Okay, thanks to all! Every post so far taught me a little sometin sometin. Unless I am a lazy, slothful b@stard, I don't get a server, I get a computer. I always wanted a Mac, just to compare, so I get a very good quality Mac,it probably has an easy interface for the iPOD. The more I think about it, I am not sure I want or need to stream audio or xm if all my stuff is on a harddrive. I get two extra harddrives, and a couple of minis if I want internet streaming. So the only question left seems to be how best to get the output of the computer in hi-rez to the dac. I do have 101e's after all, they are discerning of things like jitter and high infedelity. Anything not right I get to hear. One thing about the mac solution I like, the kids are a bit scared of the stereo, but if it is iTunes and a computer, I may never get to listen again:) When I work, I always have a computer by me anyways. Now then, if the mac sucks, I know I need to do something about the interface. Then I go try a re-clocker, or dare I say it.. have all the units run off of one rubidium clock that has multiple inphase outputs. Have to go in and modify the Mac, but I would imagine just a matter of finding the clock and bypassing it with an external clock signal. Seems like if the transport (of whatever type, and the dac are slaved off of one clock that has multi inphase outputs, the jitter problem should be very minimalized. All of this is still a hell of a lot cheaper than say, an MBL transport.

Cheers to all so far, and thank you much for taking the time to help educate me.

Chris, get a Mac (my preference), or a PC. The beauty is that once you've ripped all of your CD's, your music can be easily manipulated in any number of ways depending on what system you use, or will use in the future. Your music is suddenly future proof!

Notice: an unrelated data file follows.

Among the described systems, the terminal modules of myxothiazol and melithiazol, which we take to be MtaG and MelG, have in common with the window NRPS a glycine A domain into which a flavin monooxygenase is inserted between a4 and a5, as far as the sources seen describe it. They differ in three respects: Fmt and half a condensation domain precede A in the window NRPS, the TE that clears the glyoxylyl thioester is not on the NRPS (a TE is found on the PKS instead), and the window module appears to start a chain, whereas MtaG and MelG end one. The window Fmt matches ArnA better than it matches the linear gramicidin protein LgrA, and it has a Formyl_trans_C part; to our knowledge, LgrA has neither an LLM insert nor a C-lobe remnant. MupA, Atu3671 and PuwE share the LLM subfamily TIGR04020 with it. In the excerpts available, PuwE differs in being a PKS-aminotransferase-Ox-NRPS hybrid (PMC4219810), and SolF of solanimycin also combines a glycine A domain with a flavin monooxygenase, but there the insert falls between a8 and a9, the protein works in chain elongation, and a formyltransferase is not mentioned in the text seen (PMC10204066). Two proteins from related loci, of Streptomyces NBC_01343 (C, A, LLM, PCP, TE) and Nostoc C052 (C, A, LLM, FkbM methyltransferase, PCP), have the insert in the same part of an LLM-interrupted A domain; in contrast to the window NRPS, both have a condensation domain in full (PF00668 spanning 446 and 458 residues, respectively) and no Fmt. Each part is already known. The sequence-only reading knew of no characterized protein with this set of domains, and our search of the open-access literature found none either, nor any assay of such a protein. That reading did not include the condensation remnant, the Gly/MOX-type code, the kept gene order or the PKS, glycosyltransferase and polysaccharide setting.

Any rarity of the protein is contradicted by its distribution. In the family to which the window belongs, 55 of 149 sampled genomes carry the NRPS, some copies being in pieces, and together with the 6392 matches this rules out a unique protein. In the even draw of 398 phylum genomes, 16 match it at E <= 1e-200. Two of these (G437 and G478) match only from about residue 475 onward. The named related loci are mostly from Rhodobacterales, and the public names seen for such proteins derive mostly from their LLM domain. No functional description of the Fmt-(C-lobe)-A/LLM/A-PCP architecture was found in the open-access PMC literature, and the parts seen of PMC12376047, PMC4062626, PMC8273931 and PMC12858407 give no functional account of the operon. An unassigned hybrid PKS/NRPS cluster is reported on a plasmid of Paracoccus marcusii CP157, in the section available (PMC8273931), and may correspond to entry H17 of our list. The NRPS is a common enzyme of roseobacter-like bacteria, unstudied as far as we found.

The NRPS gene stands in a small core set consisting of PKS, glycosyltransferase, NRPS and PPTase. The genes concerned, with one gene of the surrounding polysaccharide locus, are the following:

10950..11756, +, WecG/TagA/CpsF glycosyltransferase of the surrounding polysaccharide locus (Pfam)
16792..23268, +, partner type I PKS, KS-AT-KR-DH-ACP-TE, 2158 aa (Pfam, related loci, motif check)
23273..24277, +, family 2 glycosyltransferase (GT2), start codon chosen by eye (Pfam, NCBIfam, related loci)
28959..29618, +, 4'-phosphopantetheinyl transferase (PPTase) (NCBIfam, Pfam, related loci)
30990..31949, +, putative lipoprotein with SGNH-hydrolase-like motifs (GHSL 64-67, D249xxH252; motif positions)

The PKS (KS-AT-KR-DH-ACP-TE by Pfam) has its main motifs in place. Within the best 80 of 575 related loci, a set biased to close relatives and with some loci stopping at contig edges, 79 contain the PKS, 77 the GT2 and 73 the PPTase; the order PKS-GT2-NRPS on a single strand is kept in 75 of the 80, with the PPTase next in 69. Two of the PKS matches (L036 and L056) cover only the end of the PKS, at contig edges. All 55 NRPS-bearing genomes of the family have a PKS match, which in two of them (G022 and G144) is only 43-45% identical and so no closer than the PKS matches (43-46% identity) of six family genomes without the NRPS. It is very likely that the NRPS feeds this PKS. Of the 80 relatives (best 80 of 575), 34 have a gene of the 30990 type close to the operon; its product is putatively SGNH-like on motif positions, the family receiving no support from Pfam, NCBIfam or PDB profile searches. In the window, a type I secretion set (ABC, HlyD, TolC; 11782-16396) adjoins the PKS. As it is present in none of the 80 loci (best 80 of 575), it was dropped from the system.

Want to use a PC as a music server? No problem. Prefer a Mac? Again no problem. Your music collection can be easily changed to Apple formats, or vice-versa. Need a remote? --any number of devices can be used as a family friendly remote.

The learning curve for PC's is a bit steep, at least it was for me. But if you go PC, there's a ton of free software: rippers, players, upsampling software, etc. available. The Mac is easier and more intuitve of course, but less customizable, although that's changing rapidly.

I started with a PC using EAC to rip and Foobar as my player. Now, I use a Macbook with Apple's Front Row media software and the Apple remote (both included with the Macbook). I have every CD in my coolection available to me in a few clicks of the remote, and the major bonus is that it sounds fantastic!

I couldn't be happier. Good Luck!
Sammie, may I ask what the rest of your setup is like? i.e. (1) are you saving the music on a separate external hard drive? (2) how is the digital signal from your MacBook transferred to a DAC (assuming you're using one) (3) are there any delays and/or interruptions in reading music from an external hard drive to the MacBook, then to the DAC, then to your amp?

see the current post on USB conversion to understand the options for transferring from Mac to DAC

you will in all likelihood want to use an external (perhaps dedicated) drive for reasons of space and convenience. this is one place an open system trumps the packaged server

there is no delay, certainly no more then you experience with a cd